I highly recommend reading a recent New Yorker magazine essay if you want to better understand the massive issues facing healthcare in the U.S. The Cost Conundrum by Atul Gawande discusses the ethics of overtreatment, undertreamtment and profiteering at the expense of patient care. Click continue to read my notes from the essay. The biggest threat to our nation’s balance sheet is the cost of health care.
Nothing in medicine is without risks and one major cause of extreeme costs was the overuse of medicine.
“Nearly thirty per cent of Medicar’s costs could be saved without negatively affecting health outcomes if spending in high and medium costs areas could be reduced to the level in low cost areas” – Peter Orszat, the President Obama budget director.
Physician-owned hospitals can give physicians a temptation to overorder.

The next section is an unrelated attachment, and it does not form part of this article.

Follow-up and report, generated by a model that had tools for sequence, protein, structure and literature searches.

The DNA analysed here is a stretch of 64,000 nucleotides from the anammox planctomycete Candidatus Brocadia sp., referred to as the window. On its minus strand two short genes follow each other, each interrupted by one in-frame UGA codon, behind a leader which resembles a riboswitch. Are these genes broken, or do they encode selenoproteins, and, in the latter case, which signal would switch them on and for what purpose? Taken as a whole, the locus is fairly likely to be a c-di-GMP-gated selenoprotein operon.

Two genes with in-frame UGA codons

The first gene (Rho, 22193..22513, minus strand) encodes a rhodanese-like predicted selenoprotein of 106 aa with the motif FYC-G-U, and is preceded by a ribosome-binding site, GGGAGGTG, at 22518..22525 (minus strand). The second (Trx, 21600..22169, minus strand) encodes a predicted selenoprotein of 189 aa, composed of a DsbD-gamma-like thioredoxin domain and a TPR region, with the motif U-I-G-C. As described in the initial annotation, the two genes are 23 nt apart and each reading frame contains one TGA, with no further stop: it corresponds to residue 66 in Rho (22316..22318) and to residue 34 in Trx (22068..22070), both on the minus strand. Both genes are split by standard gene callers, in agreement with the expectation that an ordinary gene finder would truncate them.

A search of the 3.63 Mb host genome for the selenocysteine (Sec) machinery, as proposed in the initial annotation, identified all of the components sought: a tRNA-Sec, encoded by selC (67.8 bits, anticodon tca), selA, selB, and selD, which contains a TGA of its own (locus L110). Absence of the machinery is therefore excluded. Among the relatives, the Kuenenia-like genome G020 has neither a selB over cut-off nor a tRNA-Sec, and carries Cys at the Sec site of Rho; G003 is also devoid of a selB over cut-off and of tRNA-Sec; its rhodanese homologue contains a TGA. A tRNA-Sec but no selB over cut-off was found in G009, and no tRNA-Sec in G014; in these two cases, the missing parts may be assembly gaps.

Healthcare as a means of improving health vs healthcare as a revenue stream to be maxamized for profit.
As they point out less often, we also pay them as individuals, rather than as members of a team working together for their patients. Both practices have made for serious problems.
On the totality of care: “Providing health care is like building a house. The task requires experts, expensive equipment and materials, and a huge amount of coördination. Imagine that, instead of paying a contractor to pull a team together and keep them on track, you paid an electrician for every outlet he recommends, a plumber for every faucet, and a carpenter for every cabinet. Would you be surprised if you got a house with a thousand outlets, faucets, and cabinets, at three times the cost you expected, and the whole thing fell apart a couple of years later? Getting the country’s best electrician on the job (he trained at Harvard, somebody tells you) isn’t going to solve this problem. Nor will changing the person who writes him the check.”